Editor’s Pick · Album of the Month ·
It would be downright foolish to assume that just because Chembo Corniel fronts the quintet this album, that it is just another Latin-Jazz album. On the contrary, it is a very sophisticated album and profoundly animated for its entire 48 minute length. Moreover, it proves, once again that Corniel, a percussionist of devastating charm and talent is more than a rhythmist. He is willing to push the envelope, explore tonal and textural realms with a child-like sense of adventure. He is a disarming performer who certainly pays tribute to his cultural background but is not averse to probing the atmospheres and aromas of the land around him, embracing elements from assorted cultures.
This is what makes Land Of The Descendants so transformative. It is an album full of exultant asymmetrical rhythms and harmonic pungencies. Throughout, Corniel, a superb master of ceremonies is unafraid to take the music into unchartered territories also giving the musicians in his ensemble quite a free rein to go where the music takes them. This is why the music abounds in fresh gestures drawn from various enchanted inspirations. Of course it also helps that the musicians in question include the great emerging talents: the Nicaraguan pianist Darwin Noguera, the trumpeter James Zollar who comes to the music in a mighty blast of wind and the glorious vocal talent Kat Gang, who voices Billy Strayhorn’s ‘Lush Life’ as you may have never heard before.
Of course the magic wand of Chembo Corniel is all over this music. He is a brilliant amalgam of Latin folksong, the improvisational aspects of jazz and more, all rolled into a showcase for his expressive sound and acrobatic chops. The Chembo Corniel Quintet is also blessed to have as its woodwinds/reed player, Frank Fontaine, who shapes the melodies with a physical and emotional intensity and a beautiful warm glow. There is never a false note throughout Fontaine’s playing and this is probably why all it takes are his horns to provide the album with a chamber-like sound.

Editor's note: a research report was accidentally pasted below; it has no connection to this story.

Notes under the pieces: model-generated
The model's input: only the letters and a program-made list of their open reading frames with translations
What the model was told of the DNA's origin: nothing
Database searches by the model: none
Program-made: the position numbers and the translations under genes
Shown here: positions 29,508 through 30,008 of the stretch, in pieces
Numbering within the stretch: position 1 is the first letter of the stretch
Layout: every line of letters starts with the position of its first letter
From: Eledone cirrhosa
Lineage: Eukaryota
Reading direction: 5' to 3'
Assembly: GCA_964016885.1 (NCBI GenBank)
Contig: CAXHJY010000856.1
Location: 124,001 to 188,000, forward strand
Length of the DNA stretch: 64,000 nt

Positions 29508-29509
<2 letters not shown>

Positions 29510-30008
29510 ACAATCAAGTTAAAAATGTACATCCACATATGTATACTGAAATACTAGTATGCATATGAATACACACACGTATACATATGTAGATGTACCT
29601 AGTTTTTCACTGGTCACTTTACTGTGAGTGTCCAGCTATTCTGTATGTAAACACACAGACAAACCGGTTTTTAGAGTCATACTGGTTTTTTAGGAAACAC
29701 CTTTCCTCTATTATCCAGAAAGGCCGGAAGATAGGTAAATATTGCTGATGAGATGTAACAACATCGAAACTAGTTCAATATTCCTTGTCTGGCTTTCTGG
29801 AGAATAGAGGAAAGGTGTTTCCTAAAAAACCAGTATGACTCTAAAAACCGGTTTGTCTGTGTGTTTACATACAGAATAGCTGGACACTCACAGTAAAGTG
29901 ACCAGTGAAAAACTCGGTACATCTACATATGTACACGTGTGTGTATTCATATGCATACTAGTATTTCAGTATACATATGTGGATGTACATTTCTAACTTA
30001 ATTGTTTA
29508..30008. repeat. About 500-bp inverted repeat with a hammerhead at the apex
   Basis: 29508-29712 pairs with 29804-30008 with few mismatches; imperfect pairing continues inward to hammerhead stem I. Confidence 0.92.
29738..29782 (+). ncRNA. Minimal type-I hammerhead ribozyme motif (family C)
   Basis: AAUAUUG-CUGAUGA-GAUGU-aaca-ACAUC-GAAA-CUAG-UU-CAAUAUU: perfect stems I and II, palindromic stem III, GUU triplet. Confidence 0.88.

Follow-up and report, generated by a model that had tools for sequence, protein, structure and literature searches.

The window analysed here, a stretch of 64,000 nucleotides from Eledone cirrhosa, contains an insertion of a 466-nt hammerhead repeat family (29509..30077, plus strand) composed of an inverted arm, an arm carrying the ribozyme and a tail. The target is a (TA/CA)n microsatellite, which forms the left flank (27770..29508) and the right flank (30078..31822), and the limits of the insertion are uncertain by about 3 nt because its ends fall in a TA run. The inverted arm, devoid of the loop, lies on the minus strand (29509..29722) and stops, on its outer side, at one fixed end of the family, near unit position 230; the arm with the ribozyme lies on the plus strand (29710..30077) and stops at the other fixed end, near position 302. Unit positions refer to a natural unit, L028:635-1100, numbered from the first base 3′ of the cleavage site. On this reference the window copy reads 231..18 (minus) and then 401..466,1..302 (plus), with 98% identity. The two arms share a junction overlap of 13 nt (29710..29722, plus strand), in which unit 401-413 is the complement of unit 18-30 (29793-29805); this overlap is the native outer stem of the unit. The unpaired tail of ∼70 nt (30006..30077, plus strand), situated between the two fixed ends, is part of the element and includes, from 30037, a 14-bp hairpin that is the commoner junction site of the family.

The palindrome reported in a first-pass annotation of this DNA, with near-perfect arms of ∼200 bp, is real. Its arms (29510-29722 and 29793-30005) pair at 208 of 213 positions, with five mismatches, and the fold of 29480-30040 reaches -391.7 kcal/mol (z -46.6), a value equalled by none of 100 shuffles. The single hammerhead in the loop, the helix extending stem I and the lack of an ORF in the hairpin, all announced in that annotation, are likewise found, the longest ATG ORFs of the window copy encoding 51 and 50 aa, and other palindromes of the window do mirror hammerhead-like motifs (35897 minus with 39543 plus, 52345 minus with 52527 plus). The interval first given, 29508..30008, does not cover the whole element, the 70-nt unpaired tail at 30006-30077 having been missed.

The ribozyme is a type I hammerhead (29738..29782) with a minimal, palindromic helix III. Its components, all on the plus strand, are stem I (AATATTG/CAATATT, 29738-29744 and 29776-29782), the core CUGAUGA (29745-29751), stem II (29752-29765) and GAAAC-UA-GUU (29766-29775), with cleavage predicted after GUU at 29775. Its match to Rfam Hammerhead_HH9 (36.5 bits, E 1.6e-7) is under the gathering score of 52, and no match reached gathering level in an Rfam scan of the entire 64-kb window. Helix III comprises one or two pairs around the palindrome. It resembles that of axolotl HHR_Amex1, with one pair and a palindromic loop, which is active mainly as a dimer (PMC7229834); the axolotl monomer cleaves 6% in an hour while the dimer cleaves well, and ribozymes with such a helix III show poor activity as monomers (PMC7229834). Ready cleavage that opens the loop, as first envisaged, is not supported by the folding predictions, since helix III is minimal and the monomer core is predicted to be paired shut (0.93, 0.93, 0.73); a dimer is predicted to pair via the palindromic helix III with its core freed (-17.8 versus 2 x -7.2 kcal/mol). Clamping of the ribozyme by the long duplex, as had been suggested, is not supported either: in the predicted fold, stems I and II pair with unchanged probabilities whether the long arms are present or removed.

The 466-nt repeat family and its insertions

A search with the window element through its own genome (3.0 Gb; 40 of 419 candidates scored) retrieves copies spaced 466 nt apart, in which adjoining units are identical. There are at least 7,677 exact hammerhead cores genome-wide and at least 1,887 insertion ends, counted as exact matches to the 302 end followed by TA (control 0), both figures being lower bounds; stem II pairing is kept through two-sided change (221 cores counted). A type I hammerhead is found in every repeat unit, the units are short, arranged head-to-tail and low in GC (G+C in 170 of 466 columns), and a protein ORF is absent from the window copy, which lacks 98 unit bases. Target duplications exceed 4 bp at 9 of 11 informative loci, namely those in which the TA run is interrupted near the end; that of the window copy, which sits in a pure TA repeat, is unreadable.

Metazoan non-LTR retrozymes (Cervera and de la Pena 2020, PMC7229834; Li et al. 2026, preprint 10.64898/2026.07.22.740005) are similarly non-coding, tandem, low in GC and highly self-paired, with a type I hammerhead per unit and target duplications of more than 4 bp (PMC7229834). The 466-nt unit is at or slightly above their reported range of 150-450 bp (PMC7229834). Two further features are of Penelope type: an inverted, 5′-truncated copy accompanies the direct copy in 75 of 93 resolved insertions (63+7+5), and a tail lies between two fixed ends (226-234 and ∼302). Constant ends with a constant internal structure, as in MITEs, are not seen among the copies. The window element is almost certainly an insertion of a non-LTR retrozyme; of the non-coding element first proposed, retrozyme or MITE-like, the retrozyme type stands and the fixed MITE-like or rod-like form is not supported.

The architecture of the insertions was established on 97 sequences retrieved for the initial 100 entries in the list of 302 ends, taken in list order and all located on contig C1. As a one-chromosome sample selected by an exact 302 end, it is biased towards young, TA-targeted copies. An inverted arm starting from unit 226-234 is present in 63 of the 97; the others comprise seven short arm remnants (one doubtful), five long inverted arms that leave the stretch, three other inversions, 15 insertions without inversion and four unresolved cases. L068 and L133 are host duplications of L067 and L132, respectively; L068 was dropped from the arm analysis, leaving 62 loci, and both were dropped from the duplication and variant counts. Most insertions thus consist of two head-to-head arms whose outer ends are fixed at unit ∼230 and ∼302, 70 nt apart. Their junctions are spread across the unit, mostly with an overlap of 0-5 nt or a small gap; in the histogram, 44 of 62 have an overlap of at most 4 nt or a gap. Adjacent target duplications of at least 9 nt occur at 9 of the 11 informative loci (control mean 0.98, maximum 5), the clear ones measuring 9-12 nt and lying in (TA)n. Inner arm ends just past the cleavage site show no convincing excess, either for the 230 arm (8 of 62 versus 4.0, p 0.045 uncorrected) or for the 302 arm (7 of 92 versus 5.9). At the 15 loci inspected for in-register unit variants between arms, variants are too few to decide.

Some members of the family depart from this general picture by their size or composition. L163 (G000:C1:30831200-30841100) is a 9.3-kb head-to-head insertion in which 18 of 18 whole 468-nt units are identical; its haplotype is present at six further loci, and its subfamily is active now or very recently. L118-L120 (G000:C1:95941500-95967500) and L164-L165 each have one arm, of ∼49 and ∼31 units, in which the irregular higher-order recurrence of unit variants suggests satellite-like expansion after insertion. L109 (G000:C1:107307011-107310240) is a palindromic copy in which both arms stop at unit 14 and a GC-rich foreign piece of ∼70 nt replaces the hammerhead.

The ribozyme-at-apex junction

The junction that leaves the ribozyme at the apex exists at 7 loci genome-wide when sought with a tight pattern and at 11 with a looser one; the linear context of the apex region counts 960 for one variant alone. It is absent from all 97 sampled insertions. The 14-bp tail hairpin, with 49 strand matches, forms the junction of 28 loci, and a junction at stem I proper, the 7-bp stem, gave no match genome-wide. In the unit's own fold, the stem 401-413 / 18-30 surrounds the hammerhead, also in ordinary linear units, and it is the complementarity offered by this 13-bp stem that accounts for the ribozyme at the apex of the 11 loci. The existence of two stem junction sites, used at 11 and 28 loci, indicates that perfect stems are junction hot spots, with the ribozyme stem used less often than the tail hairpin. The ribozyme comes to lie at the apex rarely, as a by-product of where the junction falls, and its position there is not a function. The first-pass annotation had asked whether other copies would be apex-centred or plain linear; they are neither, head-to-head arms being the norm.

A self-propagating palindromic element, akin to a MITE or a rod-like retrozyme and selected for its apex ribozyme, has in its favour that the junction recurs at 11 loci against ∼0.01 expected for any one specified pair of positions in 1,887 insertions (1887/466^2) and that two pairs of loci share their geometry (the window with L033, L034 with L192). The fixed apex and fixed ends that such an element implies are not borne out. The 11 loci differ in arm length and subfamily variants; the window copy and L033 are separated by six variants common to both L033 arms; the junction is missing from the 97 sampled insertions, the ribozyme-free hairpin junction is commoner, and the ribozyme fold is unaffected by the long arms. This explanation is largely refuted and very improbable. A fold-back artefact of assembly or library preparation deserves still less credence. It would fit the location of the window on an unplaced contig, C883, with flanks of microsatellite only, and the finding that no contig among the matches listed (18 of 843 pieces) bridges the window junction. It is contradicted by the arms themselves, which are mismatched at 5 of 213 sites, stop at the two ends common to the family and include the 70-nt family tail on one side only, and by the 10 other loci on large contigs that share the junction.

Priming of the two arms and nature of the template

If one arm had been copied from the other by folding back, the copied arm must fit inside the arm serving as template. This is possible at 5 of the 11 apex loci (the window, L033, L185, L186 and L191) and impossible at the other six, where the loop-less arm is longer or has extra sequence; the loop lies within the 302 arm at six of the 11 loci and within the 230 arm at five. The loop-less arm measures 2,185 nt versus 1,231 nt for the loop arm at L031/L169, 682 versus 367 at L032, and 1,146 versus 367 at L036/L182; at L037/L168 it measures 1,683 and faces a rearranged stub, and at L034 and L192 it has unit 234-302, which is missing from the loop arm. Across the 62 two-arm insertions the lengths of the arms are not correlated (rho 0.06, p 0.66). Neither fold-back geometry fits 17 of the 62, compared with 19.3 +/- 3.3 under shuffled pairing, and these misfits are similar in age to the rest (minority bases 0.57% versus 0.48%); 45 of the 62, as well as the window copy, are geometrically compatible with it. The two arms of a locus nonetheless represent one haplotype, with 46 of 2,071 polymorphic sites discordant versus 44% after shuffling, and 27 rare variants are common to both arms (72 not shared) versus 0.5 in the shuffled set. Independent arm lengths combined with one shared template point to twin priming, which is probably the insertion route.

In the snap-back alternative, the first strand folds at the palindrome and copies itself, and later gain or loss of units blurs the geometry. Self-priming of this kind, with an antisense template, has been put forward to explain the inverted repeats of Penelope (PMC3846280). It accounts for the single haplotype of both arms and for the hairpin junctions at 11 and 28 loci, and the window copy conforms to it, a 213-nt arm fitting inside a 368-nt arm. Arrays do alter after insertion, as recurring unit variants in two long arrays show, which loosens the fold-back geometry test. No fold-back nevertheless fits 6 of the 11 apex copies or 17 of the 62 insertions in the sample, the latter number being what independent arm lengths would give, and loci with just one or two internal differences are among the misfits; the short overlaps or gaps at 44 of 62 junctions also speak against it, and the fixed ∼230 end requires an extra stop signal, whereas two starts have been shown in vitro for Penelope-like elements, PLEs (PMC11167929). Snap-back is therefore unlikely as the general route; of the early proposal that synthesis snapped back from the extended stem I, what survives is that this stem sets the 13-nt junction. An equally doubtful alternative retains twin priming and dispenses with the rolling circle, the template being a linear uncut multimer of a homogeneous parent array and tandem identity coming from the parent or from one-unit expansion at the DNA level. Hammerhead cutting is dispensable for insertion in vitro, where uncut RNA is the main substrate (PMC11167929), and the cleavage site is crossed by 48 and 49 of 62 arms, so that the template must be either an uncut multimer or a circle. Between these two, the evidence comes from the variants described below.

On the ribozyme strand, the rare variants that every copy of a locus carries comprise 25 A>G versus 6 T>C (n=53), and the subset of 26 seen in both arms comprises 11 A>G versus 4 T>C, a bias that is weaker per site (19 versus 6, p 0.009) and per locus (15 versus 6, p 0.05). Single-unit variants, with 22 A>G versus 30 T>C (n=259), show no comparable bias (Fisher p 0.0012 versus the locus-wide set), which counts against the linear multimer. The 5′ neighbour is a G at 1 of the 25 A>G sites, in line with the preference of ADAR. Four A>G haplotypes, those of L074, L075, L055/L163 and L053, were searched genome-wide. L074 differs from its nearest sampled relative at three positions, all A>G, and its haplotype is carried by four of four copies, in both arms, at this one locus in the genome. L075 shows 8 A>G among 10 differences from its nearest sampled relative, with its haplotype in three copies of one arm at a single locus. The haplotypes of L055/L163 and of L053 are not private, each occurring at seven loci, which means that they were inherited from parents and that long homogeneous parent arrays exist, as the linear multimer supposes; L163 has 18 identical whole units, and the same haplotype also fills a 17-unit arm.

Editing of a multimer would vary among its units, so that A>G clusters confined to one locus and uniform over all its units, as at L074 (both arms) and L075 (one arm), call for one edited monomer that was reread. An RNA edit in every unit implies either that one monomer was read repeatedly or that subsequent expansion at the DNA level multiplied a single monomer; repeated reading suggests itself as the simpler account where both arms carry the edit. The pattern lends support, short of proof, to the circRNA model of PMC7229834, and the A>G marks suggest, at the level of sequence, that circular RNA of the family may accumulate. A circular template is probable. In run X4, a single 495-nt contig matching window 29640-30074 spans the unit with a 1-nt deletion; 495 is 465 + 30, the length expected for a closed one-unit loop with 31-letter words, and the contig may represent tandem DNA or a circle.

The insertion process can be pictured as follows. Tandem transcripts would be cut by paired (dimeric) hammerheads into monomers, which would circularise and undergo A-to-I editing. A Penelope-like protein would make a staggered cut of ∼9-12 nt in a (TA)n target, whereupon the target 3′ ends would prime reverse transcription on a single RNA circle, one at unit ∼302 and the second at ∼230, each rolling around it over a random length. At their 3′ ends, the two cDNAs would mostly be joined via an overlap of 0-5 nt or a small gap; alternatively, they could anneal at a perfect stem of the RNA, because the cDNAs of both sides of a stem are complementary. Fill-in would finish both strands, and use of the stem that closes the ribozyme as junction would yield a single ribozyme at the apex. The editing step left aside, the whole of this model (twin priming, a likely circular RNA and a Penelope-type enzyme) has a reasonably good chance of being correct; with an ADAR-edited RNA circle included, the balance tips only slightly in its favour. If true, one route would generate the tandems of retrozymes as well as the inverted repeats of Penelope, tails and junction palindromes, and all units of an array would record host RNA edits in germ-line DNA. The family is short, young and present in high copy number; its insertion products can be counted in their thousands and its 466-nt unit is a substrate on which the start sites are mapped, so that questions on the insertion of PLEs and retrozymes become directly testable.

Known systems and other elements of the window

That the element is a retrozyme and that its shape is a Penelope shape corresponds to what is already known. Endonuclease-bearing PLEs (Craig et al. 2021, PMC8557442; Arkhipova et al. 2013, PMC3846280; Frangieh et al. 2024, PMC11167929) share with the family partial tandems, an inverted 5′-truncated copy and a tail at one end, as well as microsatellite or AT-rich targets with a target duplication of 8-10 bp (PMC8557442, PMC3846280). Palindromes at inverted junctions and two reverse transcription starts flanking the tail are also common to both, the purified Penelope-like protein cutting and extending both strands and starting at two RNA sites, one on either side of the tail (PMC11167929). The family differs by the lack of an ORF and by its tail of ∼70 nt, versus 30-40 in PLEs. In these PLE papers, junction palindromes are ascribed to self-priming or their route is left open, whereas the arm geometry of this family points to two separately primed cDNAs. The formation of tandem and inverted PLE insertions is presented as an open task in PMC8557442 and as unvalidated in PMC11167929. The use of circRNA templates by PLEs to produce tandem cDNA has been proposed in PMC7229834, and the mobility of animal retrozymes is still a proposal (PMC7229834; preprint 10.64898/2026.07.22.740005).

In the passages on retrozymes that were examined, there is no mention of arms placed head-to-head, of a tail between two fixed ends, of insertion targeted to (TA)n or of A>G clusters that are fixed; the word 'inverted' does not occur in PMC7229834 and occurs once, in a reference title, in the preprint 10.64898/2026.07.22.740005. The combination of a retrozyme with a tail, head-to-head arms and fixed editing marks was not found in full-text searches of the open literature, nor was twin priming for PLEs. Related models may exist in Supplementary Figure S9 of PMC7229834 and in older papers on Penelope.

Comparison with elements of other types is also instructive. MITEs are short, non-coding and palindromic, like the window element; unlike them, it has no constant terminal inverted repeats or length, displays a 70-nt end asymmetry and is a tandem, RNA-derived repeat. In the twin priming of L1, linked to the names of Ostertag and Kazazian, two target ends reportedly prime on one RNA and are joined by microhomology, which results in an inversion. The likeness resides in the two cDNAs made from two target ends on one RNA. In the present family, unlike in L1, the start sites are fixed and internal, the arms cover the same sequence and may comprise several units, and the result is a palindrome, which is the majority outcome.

Wilson ‘Chembo’ Corniel’s discography as leader may be thin compared with that of other percussionists in: Latin-Jazz. But it is memorable and potent and quite impossible to put out of mind when you have experienced it even for the first time. Small wonder why Corniel is one of the first call percussionists in the Latin-Jazz scene – certainly on the entire Eastern seaboard of the United States. This album is proof of many things, chief among them that Corniel’s is a voice that simply cannot be ignored.
Track List: Descendants; El Antillano; Transparent Souls; Lush Life; Night Letter; Bottom’s Up; Parisian Cha; Newtown.
Personnel: Wilson ‘Chembo’ Corniel: tumbadores, batá (Itotele), cow bell, miscellaneous percussion; Frank Fontaine: tenor and soprano saxophones, flute; Darwin Noguera: piano; Ian Stewart: electric bass; Joel E. Mateo: drums; Kat Gang: vocal (4); James Zollar: trumpet (1, 5, 7); Benjamin Sutin: violin (3); Victor Rendon: batá (Iya) (1), quijada (7); Cascadu: batá (Okonkolo) (1); Yasuyo Kimura: cajón base (8); Kan Yanabe: cajón repicodor (8).
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